Laboratory research on ovarian cryopreservation and transplantation began in the 1950s leading to clinical studies in the 2000s. The research that was performed during this half century indicated that cryopreserved ovarian tissue has the potential to restore fertility in women who face premature ovarian failure due to chemotherapy, radiotherapy or surgery. To date, ovarian function has been restored in at least four women. Even though no pregnancies have been reported so far from these clinical studies, animal studies indicate that this is a valid prospect for humans. Future clinical trials will determine on a larger number of patients the longevity of ovarian grafts, normality of hormone production and ovarian follicle development, possibility and safety of pregnancy, and the safety of auto-transplantation in cancer patients. However, the major improvement in the efficiency of ovarian transplantation is anticipated to come from research exploring the revascularization process.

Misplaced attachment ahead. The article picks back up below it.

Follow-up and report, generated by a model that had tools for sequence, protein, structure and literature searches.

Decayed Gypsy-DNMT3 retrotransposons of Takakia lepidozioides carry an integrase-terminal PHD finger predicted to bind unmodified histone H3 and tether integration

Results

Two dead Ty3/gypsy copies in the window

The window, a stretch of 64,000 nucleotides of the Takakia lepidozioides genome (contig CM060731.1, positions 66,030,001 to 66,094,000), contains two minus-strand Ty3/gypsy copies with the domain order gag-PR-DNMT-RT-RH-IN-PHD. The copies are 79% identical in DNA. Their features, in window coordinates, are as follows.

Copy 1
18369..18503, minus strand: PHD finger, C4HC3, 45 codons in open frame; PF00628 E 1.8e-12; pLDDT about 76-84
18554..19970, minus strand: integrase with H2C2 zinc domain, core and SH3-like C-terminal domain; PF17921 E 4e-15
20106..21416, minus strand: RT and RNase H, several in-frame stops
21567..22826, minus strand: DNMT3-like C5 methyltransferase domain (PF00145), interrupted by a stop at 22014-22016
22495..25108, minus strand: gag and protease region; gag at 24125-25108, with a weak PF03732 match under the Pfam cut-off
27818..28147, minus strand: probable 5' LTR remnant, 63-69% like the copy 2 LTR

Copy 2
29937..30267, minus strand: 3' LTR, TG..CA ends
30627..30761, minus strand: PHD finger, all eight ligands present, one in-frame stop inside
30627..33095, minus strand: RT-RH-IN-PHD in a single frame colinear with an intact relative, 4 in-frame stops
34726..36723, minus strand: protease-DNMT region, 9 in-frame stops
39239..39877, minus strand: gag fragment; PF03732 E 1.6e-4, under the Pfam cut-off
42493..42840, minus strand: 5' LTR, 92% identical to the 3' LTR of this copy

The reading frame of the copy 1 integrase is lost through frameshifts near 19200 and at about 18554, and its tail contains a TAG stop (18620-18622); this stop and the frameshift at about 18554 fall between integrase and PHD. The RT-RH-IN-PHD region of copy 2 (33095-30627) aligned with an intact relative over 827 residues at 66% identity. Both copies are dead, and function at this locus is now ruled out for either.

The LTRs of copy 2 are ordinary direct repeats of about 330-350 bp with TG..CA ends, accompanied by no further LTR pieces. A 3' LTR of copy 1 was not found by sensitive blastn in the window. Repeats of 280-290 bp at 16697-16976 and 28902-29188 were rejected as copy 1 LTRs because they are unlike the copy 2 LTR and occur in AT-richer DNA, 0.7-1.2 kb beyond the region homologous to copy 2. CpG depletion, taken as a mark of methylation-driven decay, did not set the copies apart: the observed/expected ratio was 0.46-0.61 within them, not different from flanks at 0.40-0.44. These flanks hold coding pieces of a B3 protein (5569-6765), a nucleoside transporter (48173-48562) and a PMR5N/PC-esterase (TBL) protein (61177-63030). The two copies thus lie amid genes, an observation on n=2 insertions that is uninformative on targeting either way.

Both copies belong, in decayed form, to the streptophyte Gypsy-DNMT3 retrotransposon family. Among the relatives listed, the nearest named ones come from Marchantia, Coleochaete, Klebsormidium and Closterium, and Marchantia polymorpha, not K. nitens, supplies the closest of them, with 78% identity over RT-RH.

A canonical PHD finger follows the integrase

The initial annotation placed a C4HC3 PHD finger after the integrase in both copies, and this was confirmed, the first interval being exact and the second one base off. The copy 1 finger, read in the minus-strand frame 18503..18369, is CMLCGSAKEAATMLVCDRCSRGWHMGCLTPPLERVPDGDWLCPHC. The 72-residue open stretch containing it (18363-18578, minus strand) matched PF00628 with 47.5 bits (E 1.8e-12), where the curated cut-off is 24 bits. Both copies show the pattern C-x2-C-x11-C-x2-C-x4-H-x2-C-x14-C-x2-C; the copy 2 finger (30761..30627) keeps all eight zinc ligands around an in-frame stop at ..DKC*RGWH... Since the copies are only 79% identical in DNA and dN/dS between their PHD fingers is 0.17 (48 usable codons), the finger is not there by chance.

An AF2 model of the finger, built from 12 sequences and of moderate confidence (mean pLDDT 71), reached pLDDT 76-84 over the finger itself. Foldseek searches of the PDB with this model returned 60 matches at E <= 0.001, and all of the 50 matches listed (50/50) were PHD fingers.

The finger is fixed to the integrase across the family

|European Journal of Obstetrics, Gynecology and Reproductive Biology
|Published - 5 Apr 2004
- Ovarian transplant
- Risk of cancer recurrence
- Surgical technique